Cycads are among the most vulnerable and threatened plant groups worldwide. They evolved ~280 million years ago and became widespread during the Jurassic, but their abundance dramatically declined during the mass extinction that led to the demise of the dinosaurs at the end of the Cretaceous.

Project Title: Mechanisms of persistence and coexistence of a rare ancient cycad

We are specifically interested in the possible mechanisms that explain the persistence and coexistence of the rare cycad Dioon sonorense within an angiosperm-dominated world. In this context, we are studying: a) the effects of the environment and demography on the persistence of D. sonorense, b) mechanisms of coexistence such as facilitation by or competition from modern plant species, and c) differences in water-use efficiency and nitrogen sources (atmospheric N2 vs. soil N) between D. sonorense and co-occurring species.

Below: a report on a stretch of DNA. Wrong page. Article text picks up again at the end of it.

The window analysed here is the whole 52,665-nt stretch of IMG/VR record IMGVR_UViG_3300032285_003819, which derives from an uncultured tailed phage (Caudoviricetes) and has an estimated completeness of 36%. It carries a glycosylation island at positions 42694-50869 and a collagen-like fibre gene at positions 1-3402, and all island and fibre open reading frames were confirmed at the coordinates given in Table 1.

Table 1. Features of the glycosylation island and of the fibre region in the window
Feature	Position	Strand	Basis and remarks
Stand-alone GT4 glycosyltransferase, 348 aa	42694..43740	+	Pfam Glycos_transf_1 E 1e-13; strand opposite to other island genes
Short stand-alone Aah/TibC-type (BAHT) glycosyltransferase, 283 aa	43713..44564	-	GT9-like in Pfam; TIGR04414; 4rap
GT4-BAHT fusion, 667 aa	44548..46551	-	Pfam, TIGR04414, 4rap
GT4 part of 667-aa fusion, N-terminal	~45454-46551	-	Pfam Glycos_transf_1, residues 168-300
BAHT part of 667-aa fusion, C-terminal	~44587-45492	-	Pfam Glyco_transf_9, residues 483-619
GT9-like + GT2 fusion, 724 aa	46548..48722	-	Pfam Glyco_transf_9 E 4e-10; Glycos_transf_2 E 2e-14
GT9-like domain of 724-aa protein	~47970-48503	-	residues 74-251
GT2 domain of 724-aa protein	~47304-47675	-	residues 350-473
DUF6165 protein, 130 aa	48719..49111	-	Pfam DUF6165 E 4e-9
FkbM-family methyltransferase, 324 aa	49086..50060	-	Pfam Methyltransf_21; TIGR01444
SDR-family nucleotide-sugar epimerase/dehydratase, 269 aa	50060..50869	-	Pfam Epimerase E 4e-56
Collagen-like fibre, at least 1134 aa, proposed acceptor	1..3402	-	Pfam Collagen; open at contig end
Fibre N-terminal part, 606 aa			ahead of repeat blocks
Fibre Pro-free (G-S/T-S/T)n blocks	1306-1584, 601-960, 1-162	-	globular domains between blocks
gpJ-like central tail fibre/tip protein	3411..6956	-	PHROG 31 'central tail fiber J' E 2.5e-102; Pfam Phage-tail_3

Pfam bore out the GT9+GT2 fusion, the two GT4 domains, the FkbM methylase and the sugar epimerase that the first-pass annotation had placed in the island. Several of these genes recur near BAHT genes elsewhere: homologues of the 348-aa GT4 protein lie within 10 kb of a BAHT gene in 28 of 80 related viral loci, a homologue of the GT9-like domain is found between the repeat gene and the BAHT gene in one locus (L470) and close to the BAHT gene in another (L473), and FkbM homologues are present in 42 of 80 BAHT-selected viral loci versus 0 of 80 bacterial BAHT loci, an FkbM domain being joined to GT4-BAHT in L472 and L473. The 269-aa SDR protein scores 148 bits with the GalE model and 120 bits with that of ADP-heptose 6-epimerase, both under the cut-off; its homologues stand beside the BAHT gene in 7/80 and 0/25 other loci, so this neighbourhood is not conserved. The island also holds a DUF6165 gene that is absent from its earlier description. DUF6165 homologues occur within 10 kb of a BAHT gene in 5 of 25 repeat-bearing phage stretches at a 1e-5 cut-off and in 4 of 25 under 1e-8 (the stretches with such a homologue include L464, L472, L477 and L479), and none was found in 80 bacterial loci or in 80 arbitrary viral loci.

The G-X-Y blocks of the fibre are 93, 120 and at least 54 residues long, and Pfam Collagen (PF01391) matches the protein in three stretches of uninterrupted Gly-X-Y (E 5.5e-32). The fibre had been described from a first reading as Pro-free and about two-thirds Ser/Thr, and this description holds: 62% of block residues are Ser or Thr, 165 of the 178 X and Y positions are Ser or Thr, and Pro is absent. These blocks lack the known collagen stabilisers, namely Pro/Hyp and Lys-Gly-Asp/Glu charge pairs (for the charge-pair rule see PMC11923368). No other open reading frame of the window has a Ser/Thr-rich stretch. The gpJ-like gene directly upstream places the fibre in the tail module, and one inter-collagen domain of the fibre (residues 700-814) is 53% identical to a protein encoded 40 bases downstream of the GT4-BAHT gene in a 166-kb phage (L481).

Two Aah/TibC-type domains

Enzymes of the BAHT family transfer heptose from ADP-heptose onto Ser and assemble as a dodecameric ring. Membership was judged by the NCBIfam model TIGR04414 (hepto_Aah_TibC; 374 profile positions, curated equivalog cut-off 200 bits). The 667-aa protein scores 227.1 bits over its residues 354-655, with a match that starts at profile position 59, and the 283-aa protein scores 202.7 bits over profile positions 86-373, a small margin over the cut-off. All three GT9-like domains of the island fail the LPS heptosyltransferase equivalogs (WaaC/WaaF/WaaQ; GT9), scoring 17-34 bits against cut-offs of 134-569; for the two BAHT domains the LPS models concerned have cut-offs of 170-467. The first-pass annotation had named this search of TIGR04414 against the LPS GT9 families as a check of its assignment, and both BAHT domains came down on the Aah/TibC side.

Location: State of Sonora, northwestern Mexico

Timeline: 2008-2012

Field participants:
SUNY-ESF: Juan C. Álvarez-Yépiz
Instituto Tecnológico de Sonora: Alejandro Cueva, Enrico Yépez
Sierra de Alamos-Rio Cuchujaqui Biosphere Reserve: Elvira Rojero, Alma Montaño
Instituto de Ecología, UNAM: Alberto Búrquez, Angelina Martínez-Yrízar

Principal Investigators:
Juan C. Álvarez-Yépiz, Martin Dovčiak, SUNY College of Environmental Science and Forestry

Fulbright-García Robles Fellowship (COMEXUS),
PLACA Summer Research Grant (Syracuse University),
Instituto de Ecología, UNAM

For more information visit: and

Juan C. Álvarez-Yépiz, SUNY College of Environmental Science & Forestry, 452 Illick Hall, 1 Forestry Drive, Syracuse, NY 13210, Email:, Phone: (315) 470-6802